Politics is sometimes little more than marketing. As evidence, behold the sudden use of the term "Bidenomics" by Democrats to describe administration policies of the past few years. Indeed, what's being branded as "new" is nothing but the same old program of big spending, big regulations and big cronyism. The only difference is that it's on a much bigger scale.

The administration will need all the marketing it can get to sell these ideas, especially to a public that's been giving it approval ratings in the thirties. But no marketing effort should distract us from the economic realities of the past two years.

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There have been several efforts by Old Earth proponents to try to defend a 4.5-billion-year-old earth from laws of physics. Most responses to the lunar recession issue found on anti-creationist websites are little more than copy and paste jobs from other anti-creationist web sites. There is a common argument based on a paper written by Kirk S Hansen in 1982.

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A Review of Ukraine’ s Recent Counteroffensive 

Moscow street sandbags and weapons.

Prigozhin’s Strange and Alarming Rebellion

On Thursday, June 22, Russian Federation President Vladimir Putin held a videoconference with the permanent members of the Russian Federation Security Council. This first part of this videoconference was available to the public and reviewed Ukrainian losses of equipment and manpower and other factors since the June 4 beginning of Ukrainian counteroffensive  operations. 

The following list of members attending should give readers a view of many of the most powerful national security leaders in the Russian Federation: 

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The time is now upon Americans to decide whether we will live as free people in a constitutional republic, or endure as slaves and serve to a Marxist, collectivist tryanny! May you choose wisely!

Note:  A version of this article, under a different title, was published in The Times Examiner on April 13, 2020.  Our “national situation” is even more precarious now than it was then.  Those who deny that are either grossly uninformed, deliberately blind, or are in the camp of the collectivists. 

I’d venture a guess that most readers of this beacon of truth called The Times Examinerknow at least some of the words to James Lowell’s (1819-1891) great 1844 poem—a 90-line masterpiece titled, The Present Crisis”.  It was first published in 1845 by The Boston Currier, written  as a protest against the impending war with Mexico and as a condemnation of the then existing evil institution of slavery, which had been incorporated into the new Republic of Texas in 1836.  In 1896, Garrett Horder (1841-1922), an English hymn writer, took Lowell’s epic poem and condensed it into the shorter but more familiar hymn—“Once To Every Man and Nation”-- that most Christians have always known.  Both versions contain inspiring, beautiful, yet quite troubling ideas  which have “pin pricked” my thoughts for decades.  To a certain extent, Lowell’s words still stand as a “two edged sword” ready to condemn those of us alive today with their thrust into our complacency, as lines #26 through #30 eloquently proclaim:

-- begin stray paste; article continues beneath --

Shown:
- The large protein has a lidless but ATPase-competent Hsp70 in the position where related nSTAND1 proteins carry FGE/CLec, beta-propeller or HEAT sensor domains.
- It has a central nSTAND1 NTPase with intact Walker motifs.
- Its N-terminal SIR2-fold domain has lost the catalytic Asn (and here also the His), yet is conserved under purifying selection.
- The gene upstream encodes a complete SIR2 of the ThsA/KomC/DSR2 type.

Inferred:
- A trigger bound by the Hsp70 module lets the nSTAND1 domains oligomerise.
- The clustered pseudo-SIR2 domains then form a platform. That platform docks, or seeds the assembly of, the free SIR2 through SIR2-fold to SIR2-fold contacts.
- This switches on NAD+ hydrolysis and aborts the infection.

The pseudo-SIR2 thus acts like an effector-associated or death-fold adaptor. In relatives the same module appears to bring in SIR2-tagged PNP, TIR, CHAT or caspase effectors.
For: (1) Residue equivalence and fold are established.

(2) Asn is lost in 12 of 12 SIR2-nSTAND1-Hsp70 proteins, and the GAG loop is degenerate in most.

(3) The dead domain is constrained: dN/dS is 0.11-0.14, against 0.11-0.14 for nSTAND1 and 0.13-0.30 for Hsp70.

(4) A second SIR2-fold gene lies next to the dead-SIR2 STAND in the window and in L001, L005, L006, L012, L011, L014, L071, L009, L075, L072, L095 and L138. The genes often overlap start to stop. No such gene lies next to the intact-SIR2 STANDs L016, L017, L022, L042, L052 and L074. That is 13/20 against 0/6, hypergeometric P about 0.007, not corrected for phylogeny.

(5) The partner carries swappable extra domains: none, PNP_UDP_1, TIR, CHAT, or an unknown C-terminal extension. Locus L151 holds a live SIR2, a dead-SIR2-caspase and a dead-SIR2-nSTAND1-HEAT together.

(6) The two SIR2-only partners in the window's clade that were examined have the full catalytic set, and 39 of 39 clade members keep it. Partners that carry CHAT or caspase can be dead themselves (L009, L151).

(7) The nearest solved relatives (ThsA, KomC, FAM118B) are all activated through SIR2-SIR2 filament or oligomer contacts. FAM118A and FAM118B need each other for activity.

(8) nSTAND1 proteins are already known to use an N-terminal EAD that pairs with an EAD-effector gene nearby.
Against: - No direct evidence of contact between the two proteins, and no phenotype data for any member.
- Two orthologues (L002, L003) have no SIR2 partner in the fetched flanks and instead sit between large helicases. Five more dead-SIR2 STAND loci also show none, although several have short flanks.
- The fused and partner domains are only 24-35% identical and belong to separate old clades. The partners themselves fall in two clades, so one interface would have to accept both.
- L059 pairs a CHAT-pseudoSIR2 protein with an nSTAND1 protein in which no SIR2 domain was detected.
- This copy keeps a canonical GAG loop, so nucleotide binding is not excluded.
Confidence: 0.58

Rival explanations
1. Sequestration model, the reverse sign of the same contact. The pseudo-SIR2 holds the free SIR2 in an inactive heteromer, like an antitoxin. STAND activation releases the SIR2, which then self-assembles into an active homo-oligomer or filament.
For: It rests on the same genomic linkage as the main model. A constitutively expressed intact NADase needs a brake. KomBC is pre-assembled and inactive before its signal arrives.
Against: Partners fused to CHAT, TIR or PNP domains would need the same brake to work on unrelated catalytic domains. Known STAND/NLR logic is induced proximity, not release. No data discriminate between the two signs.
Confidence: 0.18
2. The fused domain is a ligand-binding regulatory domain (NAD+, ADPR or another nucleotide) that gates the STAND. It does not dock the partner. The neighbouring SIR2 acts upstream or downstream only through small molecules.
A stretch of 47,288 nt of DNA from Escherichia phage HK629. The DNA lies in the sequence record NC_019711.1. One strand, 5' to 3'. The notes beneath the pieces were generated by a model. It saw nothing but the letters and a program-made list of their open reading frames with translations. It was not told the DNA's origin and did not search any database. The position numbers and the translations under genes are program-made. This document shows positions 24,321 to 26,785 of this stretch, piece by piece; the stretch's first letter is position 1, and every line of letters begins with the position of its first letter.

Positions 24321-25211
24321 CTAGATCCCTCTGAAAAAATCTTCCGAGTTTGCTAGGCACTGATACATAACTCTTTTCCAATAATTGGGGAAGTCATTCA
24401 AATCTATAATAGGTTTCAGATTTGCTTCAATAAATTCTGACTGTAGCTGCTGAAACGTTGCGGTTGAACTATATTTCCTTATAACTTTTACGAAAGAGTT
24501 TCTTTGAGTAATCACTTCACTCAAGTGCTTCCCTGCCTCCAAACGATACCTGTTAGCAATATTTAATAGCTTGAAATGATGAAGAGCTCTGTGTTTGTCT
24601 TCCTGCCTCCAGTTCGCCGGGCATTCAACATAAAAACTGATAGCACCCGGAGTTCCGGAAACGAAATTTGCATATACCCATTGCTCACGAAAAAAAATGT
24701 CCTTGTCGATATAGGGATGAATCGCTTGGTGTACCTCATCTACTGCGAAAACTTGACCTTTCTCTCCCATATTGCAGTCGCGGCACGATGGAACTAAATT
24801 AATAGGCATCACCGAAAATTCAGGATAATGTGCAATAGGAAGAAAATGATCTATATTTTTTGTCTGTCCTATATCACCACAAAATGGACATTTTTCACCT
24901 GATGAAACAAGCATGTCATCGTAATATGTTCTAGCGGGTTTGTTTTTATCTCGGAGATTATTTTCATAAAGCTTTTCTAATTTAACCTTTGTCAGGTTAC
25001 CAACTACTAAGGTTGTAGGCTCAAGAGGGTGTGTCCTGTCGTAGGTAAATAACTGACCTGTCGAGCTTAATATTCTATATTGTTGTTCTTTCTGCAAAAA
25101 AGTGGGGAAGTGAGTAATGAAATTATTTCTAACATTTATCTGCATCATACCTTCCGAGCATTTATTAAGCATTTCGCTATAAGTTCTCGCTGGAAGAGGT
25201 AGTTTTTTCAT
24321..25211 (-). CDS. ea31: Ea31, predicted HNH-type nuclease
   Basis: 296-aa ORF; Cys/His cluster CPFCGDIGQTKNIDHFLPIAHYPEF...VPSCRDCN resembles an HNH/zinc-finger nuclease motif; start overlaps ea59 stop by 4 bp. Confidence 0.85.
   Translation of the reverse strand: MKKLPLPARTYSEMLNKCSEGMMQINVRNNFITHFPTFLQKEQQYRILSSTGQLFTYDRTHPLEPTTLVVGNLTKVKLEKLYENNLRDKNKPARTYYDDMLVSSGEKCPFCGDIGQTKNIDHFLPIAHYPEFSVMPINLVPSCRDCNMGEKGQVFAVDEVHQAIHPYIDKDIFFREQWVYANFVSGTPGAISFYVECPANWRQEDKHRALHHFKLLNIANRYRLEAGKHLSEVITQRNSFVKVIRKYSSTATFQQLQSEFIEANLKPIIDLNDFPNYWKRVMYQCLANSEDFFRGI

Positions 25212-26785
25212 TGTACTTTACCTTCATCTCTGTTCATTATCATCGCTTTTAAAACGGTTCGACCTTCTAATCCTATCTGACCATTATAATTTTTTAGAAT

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As a private American citizen, I write on behalf of patriotic Americans who desire - not war and death - but lasting peace and open trade and friendship with the Russian people and their government.

I write to you over the heads of the current American regime, which is unelected and illegitimate and lawless and warmongering and ideologically mad.

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Confederate POWs Marched Out Singing “Dixie”

The Last Days of Camp Douglas 2332

Captain Tom Quirk and nine Morgan scouts.

Official records of POW deaths during the Civil War on both sides indicated that about 49,000 Union and Confederate soldiers died in 150 Prisoner of War camps. The major statistics are broken down in last week’s article, Union and Confederate POW camps in the Civil War.

Author Lonnie R Speer, however, in his 1997 book, Portals to Hell: Military Prisons of the Civil War;  covering statistics from 96 Union and 117 Confederate facilities which housed POWs during the war, found 30,218 Confederate deaths and 25,796 Union deaths, bringing the total to just over 56,000. According to Speer, 15.5 percent of the Confederates prisoners died, a ratio 29 percent higher than the slightly more than 12 percent of Union prisoners that died. Speer’s statistics may even be conservative. Speer has only the 4,454 official deaths for Camp Douglas, but historical on-site estimates from Confederate prisoners in the last days of Camp Douglas and modern counts indicate there are at least 5,600 Confederate graves at or near Camp Douglas. In addition, about 400 bodies of Confederate soldiers were recorded as shipped to their families at home. George Levy in his 1999 book, To Die in Chicago; Confederate Prisoners at Camp Douglas 1862-1865, has a whole chapter, “Lost in Chicago,” on the missing Confederate dead.

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Harlech Castle in Wales. Built by English King Edward 1st during his invasion of Wales, between 1282 and 1289.

Men of Harlech in the hollow, Do ye hear the rushing billow,
Wave on wave that surging follow battle’s distant sound?

‘Tis the tramp of Saxon foemen, Saxon spearmen, Saxon bowmen,
Be they knights or hinds or yeomen, they shall bite the ground!

Loose the folds asunder, flag we conquer under!
The placid sky now bright on high, shall launch its bolts in thunder!

Onward! ‘Tis the country needs us, he is bravest, he who leads us,
Honor’s self now proudly heads us,  freedom, God, and right!” 

(Words by Mark Rutherford, from the film, Devil’s Brigade).

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